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The hollowness of intersectionality

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Being a huge stand-up comedy buff, I recently re-watched a clip of the late, great Norm Macdonald on "The Dennis Miller Show." He shared a story about how he did a joke in San Francisco about gay pride. During his profane commentary, he joked that being gay isn’t an achievement or something that one works their whole life toward becoming. While the entire room howled with laughter, it got me thinking about how there would be no way, in today’s society, Norm could have shared that joke without the alphabet mafia coming for his blood. 

To be clear, I am not trying to condemn or pick a fight with homosexuals or any particular group for that matter. 

Last month was Pride Month. The idea of Pride Month and other months and weeks where certain heritages and groups are celebrated come from the concept of intersectionality. For those who don’t know, intersectionality is the idea of looking at various aspects of life through the lens of race, gender, sexual orientation, and other similar identities.

In this piece, I’m discussing the larger idea of intersectionality and how in modern society, people, especially young people, are being told to hold an intersectional view of the world and to take pride in their own identities. 

Taking pride in things such as skin color, sexual orientation, gender, or some other arbitrary identity not only has people focusing on unimportant areas of life, but it actually robs individuals of self-worth.

What is even worse is the fact that people are actually being praised for identities they should actually be concerned about and/or ashamed of, like obesity for example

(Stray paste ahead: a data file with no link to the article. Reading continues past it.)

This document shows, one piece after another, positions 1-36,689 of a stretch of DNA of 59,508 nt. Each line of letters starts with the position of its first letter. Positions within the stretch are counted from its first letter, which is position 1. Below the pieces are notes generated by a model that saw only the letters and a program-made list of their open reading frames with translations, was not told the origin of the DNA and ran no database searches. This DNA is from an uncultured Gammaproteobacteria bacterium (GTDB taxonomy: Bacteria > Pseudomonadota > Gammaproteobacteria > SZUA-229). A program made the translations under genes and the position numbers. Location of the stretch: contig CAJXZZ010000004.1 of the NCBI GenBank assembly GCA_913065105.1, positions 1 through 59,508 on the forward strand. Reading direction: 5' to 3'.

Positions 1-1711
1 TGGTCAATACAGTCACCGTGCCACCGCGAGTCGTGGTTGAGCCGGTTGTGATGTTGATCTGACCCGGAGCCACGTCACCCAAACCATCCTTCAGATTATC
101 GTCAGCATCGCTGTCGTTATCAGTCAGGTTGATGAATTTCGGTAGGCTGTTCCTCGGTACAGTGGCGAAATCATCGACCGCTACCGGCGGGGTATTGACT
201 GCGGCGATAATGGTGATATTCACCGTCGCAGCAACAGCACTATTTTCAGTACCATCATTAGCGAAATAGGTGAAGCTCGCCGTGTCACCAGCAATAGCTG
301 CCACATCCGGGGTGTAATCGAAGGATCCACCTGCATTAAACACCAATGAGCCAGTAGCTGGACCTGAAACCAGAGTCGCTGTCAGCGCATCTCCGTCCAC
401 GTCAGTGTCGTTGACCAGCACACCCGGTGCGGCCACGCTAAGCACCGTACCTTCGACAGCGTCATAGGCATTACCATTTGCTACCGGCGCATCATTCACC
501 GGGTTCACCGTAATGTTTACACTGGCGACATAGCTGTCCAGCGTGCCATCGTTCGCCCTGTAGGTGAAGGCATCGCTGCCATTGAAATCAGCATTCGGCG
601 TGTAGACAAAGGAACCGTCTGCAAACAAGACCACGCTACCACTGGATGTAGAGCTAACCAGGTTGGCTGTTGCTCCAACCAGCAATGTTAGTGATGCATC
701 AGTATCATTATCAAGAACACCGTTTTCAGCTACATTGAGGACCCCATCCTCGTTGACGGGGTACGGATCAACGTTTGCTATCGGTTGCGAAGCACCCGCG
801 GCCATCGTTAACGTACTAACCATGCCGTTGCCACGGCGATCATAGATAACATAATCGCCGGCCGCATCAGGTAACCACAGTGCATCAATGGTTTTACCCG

When I was back in California, I was running on the track at my old middle school and as I was resting for a bit, I struck up a conversation with a man who used to be more than 400 lbs. He shared with me how he had already dropped 200 lbs and had 50 more to go. He shared with me pictures of his former self and the transformation was absolutely unreal. Before he left to go home, he shared that wasn’t trying to be boastful, but he was proud of his progress, his transformation, and he shared how his self-worth and self-esteem were “now higher than they’ve been in years.”

My new friend at the track was able to take pride in his hard work and milestones. The time, effort, and commitment that he put in caused tremendous improvements in his own life. 

It’s my contention the issue of intersectionality is a major contributing factor to the mental health and low self-esteem issues Americans suffer from today. There is no hard work or achievement involved in being Hispanic, Native American, or Asian. It is not a milestone to be a lesbian, transgender, disabled person, or anything of the like. Deep down, individuals who outwardly take pride and celebrate these various identities are in reality hurting and filled with emptiness. This is because it is deeply ingrained in humans that something has to be earned in order to feel pride. But it is the Left who tells people to take pride in such shallow identities. 

What is also completely insane is the idea that there are certain identities the Left deem off-limits and a person can receive serious backlash for taking pride in these off-limit identities.